Preeta D. Bansal MIT

Preeta Bansal is a senior executive whose career has been at the intersection of law, public policy, government, academia, and global business.  She is a Lecturer at the MIT Media Lab and a Senior Advisor at MIT’s Laboratory for Social Machines.  She has served as a global general counsel for HSBC Holdings plc in London, general counsel and senior policy advisor in the Obama White House (Office of Management and Budget), partner and practice chair of leading international law firm Skadden, Arps, Slate, Meagher & Flom LLP in New York City, Solicitor General of the State of New York, constitutional law professor, and Chair of a federal government human rights commission focused on religious freedom and interfaith cooperation. A constitutional and intellectual property, media and technology lawyer by background, she is a graduate of Harvard Law School and Harvard-Radcliffe College and a former law clerk to a U.S. Supreme Court Justice (1990-1991), and has been profiled by The New York Times as a “poised and playful” “superstar” and a “nimble, unorthodox thinker.”  The New York Law Journal referred to her as “one of the most gifted lawyers of her generation, who combines a brilliant analytical mind with solid, mature judgment.”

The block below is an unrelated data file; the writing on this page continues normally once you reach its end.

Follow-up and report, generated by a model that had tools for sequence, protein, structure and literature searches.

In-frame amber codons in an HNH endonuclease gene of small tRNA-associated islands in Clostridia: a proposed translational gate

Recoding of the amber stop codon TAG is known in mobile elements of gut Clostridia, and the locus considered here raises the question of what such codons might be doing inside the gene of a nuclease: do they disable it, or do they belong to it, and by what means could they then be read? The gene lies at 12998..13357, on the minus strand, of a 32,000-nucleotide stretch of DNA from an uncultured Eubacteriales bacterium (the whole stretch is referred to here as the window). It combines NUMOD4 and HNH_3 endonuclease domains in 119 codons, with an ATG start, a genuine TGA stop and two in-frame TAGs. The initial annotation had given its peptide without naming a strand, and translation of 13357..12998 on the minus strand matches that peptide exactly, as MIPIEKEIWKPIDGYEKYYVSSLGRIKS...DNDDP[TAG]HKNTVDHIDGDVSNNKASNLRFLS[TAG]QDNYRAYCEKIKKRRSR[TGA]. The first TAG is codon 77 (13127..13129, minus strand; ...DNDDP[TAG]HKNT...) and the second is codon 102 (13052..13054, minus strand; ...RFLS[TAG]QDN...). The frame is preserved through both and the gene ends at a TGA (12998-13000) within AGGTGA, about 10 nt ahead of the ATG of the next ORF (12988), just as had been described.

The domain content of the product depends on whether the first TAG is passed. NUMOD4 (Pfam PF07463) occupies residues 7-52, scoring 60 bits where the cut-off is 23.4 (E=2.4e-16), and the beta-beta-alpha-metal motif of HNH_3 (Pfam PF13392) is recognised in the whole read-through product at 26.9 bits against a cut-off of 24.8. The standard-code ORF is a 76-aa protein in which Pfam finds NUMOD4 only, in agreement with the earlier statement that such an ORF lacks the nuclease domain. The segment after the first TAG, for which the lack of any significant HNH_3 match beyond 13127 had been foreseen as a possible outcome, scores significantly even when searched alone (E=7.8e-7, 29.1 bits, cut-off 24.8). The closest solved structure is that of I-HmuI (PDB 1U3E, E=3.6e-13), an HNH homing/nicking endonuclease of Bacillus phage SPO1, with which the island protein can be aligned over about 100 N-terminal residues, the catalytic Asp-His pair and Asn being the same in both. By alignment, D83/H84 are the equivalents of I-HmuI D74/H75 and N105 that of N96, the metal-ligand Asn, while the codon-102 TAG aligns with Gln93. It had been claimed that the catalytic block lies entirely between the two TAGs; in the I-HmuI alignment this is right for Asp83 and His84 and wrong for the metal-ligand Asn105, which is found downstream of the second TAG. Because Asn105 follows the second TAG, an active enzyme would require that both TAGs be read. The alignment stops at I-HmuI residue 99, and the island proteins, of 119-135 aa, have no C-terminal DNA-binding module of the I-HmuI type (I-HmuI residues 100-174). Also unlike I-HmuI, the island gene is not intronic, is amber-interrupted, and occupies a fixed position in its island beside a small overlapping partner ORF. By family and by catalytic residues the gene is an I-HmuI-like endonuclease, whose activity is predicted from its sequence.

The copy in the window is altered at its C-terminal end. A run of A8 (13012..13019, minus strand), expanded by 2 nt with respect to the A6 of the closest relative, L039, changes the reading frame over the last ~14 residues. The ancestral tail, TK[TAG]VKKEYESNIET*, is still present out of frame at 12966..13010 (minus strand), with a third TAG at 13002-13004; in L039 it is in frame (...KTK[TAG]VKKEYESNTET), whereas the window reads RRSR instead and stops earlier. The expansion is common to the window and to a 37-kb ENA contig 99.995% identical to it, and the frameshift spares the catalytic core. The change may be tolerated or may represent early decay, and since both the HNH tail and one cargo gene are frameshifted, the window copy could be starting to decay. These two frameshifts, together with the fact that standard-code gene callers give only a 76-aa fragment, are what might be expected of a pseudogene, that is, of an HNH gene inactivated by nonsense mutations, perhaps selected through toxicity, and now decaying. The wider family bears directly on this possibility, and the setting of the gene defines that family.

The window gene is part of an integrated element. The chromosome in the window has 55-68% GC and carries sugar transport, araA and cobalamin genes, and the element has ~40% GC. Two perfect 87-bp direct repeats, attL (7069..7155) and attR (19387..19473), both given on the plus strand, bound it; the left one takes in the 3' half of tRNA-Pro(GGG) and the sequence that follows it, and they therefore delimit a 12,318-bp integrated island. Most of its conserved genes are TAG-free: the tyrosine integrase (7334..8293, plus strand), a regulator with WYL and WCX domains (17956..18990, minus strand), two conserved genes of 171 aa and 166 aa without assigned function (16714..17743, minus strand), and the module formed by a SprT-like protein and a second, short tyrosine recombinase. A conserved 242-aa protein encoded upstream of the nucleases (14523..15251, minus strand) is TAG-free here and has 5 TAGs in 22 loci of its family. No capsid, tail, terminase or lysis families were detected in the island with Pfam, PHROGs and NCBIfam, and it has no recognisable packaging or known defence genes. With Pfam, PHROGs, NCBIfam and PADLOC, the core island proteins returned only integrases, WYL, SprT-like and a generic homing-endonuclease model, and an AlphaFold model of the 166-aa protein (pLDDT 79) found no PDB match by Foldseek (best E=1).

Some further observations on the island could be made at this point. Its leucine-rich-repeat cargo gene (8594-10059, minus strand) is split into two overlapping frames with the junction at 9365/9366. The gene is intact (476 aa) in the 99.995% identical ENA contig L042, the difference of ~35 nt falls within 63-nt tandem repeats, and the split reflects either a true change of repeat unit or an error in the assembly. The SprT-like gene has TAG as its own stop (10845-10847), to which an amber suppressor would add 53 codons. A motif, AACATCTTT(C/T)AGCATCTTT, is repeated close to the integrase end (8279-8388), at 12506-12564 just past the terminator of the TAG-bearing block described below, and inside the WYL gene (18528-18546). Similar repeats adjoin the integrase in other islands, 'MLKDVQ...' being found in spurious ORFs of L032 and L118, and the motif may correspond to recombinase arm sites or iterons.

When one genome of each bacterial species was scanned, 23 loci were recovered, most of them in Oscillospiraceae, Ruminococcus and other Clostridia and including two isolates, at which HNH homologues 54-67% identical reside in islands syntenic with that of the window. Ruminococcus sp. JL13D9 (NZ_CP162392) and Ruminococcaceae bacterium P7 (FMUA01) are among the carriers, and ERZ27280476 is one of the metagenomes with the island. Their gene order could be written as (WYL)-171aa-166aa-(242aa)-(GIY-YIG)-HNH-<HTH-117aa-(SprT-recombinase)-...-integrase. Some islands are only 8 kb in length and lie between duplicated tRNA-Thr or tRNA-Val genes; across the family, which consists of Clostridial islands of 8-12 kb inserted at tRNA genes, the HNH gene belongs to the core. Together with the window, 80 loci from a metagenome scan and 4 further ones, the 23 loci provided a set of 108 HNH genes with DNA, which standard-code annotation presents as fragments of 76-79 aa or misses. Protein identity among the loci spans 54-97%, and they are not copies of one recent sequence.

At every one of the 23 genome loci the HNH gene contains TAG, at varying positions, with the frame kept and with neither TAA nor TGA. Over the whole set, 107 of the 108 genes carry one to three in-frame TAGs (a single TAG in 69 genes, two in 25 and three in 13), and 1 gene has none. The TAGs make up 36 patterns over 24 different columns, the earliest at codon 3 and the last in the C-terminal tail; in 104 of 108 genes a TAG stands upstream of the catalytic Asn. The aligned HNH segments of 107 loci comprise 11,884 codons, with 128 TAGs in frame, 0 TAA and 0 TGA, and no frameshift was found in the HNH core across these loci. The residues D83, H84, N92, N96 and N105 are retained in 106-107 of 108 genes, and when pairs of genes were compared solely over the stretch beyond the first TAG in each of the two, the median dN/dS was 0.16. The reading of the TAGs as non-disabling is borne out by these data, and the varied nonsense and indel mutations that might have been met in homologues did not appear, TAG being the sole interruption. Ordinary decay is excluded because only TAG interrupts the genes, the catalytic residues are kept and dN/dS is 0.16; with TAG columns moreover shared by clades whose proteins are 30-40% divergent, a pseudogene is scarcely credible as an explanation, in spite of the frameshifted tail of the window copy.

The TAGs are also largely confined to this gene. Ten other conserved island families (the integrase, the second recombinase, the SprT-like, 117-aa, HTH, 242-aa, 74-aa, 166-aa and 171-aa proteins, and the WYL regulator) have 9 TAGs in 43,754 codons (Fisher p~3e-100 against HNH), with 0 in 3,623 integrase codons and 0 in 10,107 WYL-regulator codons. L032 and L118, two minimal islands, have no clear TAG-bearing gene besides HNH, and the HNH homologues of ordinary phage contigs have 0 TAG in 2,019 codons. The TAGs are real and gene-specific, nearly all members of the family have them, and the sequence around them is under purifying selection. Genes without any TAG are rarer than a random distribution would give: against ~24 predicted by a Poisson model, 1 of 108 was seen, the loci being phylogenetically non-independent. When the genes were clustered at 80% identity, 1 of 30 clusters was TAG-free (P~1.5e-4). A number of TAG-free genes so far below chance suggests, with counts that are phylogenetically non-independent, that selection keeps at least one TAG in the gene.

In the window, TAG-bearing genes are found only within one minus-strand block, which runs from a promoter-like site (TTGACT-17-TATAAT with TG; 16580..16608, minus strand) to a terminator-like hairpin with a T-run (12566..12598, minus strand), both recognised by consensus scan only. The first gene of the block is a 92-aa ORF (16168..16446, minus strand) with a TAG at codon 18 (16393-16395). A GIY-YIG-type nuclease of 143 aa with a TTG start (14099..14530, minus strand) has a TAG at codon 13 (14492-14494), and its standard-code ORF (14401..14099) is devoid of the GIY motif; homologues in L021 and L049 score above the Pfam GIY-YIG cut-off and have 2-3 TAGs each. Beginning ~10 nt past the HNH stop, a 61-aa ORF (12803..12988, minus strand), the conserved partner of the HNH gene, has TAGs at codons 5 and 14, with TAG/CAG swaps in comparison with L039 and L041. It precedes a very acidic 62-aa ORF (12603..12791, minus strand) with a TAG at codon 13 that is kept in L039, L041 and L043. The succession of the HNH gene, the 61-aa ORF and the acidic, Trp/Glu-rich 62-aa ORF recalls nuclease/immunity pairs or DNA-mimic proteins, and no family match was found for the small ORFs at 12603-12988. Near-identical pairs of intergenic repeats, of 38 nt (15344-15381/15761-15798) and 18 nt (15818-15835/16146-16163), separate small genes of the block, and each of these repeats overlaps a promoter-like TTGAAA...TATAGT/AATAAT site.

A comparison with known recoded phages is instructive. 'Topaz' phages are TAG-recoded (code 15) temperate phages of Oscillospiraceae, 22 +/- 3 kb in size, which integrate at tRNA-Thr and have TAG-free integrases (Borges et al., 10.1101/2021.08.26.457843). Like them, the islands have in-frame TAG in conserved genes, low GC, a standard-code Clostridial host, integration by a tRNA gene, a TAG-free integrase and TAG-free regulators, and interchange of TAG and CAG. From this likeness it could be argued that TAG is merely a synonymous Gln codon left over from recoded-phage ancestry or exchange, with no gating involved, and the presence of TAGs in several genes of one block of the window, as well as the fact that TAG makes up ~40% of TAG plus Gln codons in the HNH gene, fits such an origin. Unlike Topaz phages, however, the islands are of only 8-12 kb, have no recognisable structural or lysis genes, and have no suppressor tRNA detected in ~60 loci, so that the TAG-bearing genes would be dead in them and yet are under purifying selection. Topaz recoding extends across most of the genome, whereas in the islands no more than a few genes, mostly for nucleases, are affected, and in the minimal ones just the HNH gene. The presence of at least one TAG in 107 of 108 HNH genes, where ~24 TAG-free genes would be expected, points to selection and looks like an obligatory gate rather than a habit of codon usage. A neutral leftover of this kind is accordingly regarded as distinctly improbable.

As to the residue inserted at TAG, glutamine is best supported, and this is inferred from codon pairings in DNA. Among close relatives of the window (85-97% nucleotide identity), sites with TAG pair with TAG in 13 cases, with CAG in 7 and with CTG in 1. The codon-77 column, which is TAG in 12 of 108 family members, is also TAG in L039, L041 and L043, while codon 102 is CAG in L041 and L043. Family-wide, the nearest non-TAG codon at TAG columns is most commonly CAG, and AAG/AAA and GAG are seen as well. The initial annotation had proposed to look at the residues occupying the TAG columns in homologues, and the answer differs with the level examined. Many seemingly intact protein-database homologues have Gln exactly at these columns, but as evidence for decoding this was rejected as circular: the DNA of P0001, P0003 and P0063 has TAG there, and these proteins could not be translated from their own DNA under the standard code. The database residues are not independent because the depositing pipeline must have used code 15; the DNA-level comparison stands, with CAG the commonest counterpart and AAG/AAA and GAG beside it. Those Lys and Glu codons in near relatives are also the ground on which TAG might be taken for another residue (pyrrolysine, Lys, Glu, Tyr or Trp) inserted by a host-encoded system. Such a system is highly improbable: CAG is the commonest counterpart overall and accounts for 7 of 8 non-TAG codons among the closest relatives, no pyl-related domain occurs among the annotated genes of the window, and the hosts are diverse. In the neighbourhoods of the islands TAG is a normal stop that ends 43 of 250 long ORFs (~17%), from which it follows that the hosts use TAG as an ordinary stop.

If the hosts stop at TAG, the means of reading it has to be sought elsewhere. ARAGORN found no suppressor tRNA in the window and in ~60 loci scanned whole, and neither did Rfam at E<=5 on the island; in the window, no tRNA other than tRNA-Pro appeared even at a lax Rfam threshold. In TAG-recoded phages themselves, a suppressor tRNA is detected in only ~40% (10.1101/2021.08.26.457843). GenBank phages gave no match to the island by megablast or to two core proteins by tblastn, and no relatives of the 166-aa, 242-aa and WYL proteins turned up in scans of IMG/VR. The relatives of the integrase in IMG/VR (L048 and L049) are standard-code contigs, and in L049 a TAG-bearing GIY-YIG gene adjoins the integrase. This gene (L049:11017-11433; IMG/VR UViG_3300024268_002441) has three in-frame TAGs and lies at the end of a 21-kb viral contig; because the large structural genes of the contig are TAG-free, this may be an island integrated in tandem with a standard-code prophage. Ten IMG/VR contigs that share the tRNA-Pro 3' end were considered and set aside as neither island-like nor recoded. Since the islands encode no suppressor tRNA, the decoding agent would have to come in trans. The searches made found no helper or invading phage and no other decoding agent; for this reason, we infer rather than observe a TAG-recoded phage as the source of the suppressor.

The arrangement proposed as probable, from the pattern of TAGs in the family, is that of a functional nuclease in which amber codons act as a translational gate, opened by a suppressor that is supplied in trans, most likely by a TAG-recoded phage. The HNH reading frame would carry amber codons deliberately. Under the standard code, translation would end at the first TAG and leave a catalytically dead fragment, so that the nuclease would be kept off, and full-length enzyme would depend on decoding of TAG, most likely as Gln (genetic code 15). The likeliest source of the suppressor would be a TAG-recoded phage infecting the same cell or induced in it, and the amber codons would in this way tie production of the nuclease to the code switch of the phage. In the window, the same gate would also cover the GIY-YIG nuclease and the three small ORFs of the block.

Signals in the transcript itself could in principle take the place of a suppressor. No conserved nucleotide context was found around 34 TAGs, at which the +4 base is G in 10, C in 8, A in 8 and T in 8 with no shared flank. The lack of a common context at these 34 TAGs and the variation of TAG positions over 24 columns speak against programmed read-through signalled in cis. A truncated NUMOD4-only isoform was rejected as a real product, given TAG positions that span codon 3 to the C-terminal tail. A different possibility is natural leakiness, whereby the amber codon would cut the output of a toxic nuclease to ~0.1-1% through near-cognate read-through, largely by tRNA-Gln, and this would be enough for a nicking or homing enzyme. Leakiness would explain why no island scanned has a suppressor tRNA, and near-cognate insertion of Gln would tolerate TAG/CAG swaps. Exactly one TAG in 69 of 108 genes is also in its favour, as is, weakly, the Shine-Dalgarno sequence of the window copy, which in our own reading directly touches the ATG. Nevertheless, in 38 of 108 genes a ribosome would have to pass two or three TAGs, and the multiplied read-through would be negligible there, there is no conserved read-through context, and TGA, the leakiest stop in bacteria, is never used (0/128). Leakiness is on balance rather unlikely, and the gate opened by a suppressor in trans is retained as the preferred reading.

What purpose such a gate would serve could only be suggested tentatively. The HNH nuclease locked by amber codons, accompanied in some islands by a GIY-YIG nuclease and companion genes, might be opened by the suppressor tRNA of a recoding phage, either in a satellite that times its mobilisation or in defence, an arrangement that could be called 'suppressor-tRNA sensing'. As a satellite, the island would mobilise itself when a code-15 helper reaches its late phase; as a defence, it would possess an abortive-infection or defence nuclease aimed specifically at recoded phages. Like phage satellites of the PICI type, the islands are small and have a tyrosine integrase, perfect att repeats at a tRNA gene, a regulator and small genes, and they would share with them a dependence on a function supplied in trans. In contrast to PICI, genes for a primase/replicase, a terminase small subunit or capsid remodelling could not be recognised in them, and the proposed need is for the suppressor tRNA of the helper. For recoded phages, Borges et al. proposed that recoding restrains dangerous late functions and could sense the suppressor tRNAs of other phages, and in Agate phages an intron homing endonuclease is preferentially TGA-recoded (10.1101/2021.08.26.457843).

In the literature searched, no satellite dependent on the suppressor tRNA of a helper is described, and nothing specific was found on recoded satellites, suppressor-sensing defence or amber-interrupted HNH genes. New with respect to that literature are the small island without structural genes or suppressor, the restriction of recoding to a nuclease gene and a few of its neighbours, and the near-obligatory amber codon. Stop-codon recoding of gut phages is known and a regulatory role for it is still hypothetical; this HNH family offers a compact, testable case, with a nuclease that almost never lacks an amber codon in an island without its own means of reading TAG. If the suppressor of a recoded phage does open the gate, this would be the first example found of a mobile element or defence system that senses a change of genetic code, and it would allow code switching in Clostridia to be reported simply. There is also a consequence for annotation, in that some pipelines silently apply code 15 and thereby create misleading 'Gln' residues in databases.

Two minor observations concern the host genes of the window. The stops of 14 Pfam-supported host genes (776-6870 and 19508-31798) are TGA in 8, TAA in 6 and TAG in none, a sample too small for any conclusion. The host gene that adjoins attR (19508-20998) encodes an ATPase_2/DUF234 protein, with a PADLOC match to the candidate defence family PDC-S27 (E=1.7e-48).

Ms. Bansal has led or participated in United States diplomatic missions to Afghanistan, Iraq, Uzbekistan, Saudi Arabia, Syria, China, Russia, Vietnam, Turkey, Hong Kong, Sri Lanka and Bangladesh to advance foreign policy concerns, and advised on the drafting of the Iraqi and Afghan constitutions.  She is a Henry Crown Fellow at the Aspen Institute and a member of the Council on Foreign Relations and Chatham House.  She has served on numerous nonprofit boards including as a commissioner on New York City Mayor Bloomberg’s bipartisan Election Modernization Task Force, as an Advisory Committee member of the Clinton Global Initiative, and as a Board Member of the International Center for Research on Women.

Her present work relates to empowering communities and human networks through direct, self-regulating peer-to-peer and citizen-to-citizen engagement (facilitated by new technologies, emerging legal forms, and global ethical frameworks).